So often we take the reply of Jesus to primarily affirm that we have to give what is God's to God, but that wasn't the question at all. The real answer of Jesus was to give to the emperor that which was the emperor's. Even the woman with the two pennies gave them to God.

So again the real question for those of us who count ourselves as religious is do we see ourselves apart from the institutions of the State by virtue of our faith or do we participate in the affairs of State because they have their right and proper place? I think that the answer to this question is clear from our gospel story.

To take a simple example. I confess I have some difficulties with the Anglican Church in this Diocese because it has avoided, for a number of good reasons, having clergy covered by the State "Work-Cover". The Diocese takes out separate insurance - actually to cover parishes to provide alternate ministrations from someone else should the ?normal? member of the clergy be unable to fulfil their usual duties. It probably doesn't mean much in practice financially, but recent conversations have shown me that the sort of assistance "Work-Cover" does provide goes well beyond the insurance scheme. If the church had lots of spare clergy with nothing else to do but care for their colleagues - the insurance scheme might be OK, but sadly we don't and the clergy we have all live busy lives. And the reality is that to have a separate arrangement sets us apart, and it might be perceived that we are trying to be above the law. More seriously it assumes that we in the Church are self sufficient and that the State has little to contribute to us. We, in the Church, are able to comment on affairs of the State of course!

I have been talking about the priesthood being about relating to all others, not just a particular part of a congregation or some individuals within it. When we describe Jesus as the high priest, it means that he relates equally to all. Jesus is a high priest to you as much as he is to me and to everyone else. If Jesus was killed for associating with others, his resurrection means that that attempt was in vain, and the risen Christ will be found amongst others still.

One of the truths which the Old Testament does better at proclaiming than some representations of the New, is that God deals with us corporately. In the Old Testament God dealt with the tribes of Israel as a group of people. The gospel is often portrayed as God now dealing with us as individuals - about our personal relationship with the divine. But I would want to say that the direction is rather different - that the New Testament is about God dealing with all of humanity - to love and not to berate. But even the ancient people of God were to be a light to the Gentiles, so even this all-encompassing view is not altogether new.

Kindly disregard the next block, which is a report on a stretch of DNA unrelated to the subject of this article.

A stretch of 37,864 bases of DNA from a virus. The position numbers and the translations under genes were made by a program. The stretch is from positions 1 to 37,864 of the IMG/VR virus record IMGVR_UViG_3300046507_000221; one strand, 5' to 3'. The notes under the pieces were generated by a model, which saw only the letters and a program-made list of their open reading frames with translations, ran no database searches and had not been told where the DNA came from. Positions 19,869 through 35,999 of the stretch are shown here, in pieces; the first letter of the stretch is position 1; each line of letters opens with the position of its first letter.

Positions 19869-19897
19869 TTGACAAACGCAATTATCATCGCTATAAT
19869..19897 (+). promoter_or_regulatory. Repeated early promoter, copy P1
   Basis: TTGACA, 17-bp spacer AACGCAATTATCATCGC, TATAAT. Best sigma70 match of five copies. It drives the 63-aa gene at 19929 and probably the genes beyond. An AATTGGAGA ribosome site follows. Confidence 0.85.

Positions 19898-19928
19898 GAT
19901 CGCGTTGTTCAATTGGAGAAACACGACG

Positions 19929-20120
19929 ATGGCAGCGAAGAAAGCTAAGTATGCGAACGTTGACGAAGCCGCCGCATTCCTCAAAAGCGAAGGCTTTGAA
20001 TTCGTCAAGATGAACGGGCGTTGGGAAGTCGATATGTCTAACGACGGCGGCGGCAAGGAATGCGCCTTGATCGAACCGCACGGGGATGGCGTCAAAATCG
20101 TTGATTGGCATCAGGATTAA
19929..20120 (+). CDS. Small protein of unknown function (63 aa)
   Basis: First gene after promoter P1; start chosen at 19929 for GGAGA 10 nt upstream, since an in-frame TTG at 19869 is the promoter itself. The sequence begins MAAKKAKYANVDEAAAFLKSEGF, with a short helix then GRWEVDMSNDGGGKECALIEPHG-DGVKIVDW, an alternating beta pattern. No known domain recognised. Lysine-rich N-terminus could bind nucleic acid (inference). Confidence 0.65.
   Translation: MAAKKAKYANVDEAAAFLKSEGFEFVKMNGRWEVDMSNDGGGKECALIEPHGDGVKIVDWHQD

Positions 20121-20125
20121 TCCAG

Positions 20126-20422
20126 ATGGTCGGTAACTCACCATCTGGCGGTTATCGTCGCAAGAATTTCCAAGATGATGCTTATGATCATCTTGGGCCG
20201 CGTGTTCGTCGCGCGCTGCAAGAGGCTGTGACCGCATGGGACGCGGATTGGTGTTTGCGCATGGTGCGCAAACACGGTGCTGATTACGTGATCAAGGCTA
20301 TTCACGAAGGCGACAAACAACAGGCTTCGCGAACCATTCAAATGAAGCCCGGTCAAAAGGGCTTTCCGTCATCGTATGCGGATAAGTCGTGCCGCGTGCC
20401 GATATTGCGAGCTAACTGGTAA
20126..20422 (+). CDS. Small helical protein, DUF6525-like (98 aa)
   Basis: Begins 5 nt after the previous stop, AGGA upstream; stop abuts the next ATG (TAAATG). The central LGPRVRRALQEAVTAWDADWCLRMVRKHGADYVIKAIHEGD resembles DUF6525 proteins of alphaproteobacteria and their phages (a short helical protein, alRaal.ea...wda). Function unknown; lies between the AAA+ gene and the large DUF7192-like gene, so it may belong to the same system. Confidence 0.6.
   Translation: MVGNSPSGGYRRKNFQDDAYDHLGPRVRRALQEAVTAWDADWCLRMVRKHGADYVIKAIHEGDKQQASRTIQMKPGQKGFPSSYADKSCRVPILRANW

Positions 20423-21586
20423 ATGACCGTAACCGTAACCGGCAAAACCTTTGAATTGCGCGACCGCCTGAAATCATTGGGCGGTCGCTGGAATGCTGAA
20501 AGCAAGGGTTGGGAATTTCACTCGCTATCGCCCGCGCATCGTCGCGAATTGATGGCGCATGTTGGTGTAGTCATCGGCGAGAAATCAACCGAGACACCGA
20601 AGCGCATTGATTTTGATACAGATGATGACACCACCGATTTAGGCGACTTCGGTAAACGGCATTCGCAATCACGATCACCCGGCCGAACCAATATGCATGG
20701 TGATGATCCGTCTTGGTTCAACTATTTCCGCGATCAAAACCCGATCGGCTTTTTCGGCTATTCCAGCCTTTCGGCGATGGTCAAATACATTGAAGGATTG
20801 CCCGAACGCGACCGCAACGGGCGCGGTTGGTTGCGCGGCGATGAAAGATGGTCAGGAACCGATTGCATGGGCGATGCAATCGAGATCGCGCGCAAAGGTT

One of the joys of our political system is that there are a series of "checks and balances" - we have people representing the working classes as well as the employers amongst us. Neither of these groups get their own way all the time. We have a three tiered system of government - which again means that no one is all powerful - that no individual or group gets their way at the expense of others. In some ways our governors and governor general are more effective "high priests" than clergy who celebrate the sacraments, for they represent the whole of humanity here in Australia. Their positions of impartiality and concern for all reflect God's viewpoint better than clergy, who most often have little option but to deal with the particular needs of individuals and the congregation to whom they minister.

The priesthood of Christ is all about God wanting to be found, not wanting to be ever just out of reach. Many people do indeed find God in the ritual life of the Church, but this is only just one more way God makes sure that no one misses out being found.

God wants to be found and to find us all - for us and God to enjoy the game and the discovery - and especially that others, all others, can join in too.